The Big Zol supermarket chain plans to open 15 new stores in Arab towns within the next five years with an investment of NIS 80 million (about $20.9 million).
In preparation for the move, the supermarket ordered a survey from the Geocartographic Institute of 500 Arab Israeli respondents. The survey found that 68% of Israel's Arab citizens prefer to purchase Israeli-made products.
The poll was conducted in Arabic among Muslim, Christian, and Druze respondents in a sample representative of the adult Arab population in Israel.
The survey also found that 50% of Arab shoppers buy their groceries in local mini-markets. However, in recent years, there has been an increase in Arab patrons making their food purchases at supermarkets in Jewish towns, with a 37% increase.
In addition, the average monthly grocery expenses per family in the sector have remained static for the past four years. The average Arab family spends NIS 2,120 (about $550) on foodstuffs, with the average outlay per capita on groceries 19% lower than the average in the Jewish sector.
It seems that the Arab sector tends to spread its shopping over a relatively high number of sales points – the vegetable seller, the butcher, and the bakery, for instance. On average, the Arab family purchase groceries at 4.2 different sales points, versus the average Jewish family, which visits an average of just 3.2 sales points. Furthermore, nearly half of the households in the Arab sector in Israel purchase foodstuffs at least five different sales points.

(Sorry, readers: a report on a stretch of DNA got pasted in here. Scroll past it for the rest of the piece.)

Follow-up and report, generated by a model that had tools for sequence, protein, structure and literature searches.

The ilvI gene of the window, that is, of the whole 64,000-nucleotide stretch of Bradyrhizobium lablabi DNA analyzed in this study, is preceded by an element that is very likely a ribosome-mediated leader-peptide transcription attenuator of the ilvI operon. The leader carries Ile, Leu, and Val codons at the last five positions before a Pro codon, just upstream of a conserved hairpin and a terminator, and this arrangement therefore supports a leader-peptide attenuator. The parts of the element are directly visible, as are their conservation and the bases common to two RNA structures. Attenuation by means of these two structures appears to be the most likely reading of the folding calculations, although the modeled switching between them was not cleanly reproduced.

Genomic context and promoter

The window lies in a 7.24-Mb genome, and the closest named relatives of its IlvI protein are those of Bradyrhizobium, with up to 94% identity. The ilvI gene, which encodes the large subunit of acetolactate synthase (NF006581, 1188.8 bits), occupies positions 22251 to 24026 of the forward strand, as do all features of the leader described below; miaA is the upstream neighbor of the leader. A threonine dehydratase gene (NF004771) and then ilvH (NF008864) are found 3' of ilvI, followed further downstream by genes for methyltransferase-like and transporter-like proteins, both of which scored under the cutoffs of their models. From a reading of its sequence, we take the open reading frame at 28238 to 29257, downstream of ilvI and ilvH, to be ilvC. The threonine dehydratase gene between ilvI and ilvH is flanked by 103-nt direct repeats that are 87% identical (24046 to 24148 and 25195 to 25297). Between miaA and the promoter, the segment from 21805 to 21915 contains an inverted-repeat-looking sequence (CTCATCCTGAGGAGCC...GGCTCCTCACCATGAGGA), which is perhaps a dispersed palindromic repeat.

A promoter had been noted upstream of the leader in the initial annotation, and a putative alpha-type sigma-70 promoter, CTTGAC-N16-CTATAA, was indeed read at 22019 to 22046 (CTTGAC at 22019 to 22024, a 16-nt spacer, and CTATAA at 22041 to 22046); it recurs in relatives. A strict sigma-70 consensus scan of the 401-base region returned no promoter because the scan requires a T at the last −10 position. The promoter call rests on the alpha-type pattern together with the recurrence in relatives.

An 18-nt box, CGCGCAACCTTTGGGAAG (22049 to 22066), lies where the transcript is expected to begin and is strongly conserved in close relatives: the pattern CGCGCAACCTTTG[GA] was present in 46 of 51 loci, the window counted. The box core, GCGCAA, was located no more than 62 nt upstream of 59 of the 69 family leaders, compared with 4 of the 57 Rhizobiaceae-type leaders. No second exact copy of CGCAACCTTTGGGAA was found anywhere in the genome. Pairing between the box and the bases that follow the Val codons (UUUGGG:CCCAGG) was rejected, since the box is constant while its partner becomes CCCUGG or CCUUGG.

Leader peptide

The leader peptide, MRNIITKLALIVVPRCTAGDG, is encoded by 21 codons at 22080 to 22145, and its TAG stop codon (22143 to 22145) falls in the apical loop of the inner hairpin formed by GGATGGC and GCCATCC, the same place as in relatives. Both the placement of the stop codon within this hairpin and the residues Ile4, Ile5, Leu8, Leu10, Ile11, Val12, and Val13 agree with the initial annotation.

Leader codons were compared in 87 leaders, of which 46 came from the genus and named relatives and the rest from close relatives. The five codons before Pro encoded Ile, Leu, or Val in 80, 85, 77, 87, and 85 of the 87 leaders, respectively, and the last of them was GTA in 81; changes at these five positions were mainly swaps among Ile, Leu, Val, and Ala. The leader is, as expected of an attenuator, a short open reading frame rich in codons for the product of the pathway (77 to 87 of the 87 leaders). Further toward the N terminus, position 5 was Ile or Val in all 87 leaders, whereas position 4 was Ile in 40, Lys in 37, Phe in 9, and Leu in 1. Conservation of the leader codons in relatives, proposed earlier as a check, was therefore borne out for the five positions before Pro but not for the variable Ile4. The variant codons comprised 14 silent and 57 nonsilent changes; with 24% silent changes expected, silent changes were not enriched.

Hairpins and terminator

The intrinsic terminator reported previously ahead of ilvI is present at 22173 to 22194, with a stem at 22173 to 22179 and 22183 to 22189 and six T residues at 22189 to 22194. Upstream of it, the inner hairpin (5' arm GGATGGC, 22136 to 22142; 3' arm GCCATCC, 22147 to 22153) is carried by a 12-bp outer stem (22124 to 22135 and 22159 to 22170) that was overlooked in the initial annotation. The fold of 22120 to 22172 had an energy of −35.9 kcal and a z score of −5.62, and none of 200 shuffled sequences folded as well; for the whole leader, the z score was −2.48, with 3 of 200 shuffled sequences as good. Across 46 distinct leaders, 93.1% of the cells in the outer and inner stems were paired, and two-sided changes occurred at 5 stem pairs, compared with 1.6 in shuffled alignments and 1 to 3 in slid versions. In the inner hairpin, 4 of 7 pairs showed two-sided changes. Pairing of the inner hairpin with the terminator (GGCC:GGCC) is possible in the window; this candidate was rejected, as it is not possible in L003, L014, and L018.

'Arab yuppies make more use of credit cards'
Big Zol seeks to challenge this purchasing habit. The chain intends to open stores in large Arab villages adjacent to Jewish population centers. In addition, the chain asserts that it has identified locations that draw customers from all the sectors, such that the stores will also serve Jewish patrons who travel on Saturdays and holidays.
The list of villages includes: Sakhnin, Pekiin, Nazareth, Tamra, Shfaram, Isfiya, Kfar Qassem, Qalansawe, east Jerusalem, and Rahat. Supermarkets from other chains already operate in some of the towns.
Big Zol reported that the sales forecast for the first three years in the newly opened stores is NIS 105.5 million (about $27.5 million) in the first year, NIS 269.7 (about $70.4 million) in the second year, and NIS 532 million (about $138.9 million) in the third year. The market potential in the foodstuffs market alone in the Arab sector is between NIS 446 million (about $116.4 million) and NIS 490 million (about $128 million) per month.
According to Big Zol's business plan, the chain will break even 10 months after it starts operations.
Big Zol CEO Yusuf Ashkar said, "We are the only chain that comes from the sector, we are familiar with its needs and preferences, and understand the heart of the Arab customer. I am well acquainted with the consumption habits in the sector, which, by the way, have changed a lot in recent years as the rest of the chains don't see this frankly like we do. Already today we serve a sizable section of the sector. We know what kind of personal attention needs to be provided, what to offer, how to address this public, which channels to advertise on, and more. We will know how to match ourselves to the sector better than any other.
"The Arab public is ripe for and expecting to do its grocery shopping at the large supermarkets near its house, as it already does on many occasions in stores located outside of the Arab towns. In the cities and large villages, there is a status of Arab yuppies, which includes young couples and singles, who increasingly use credit cards."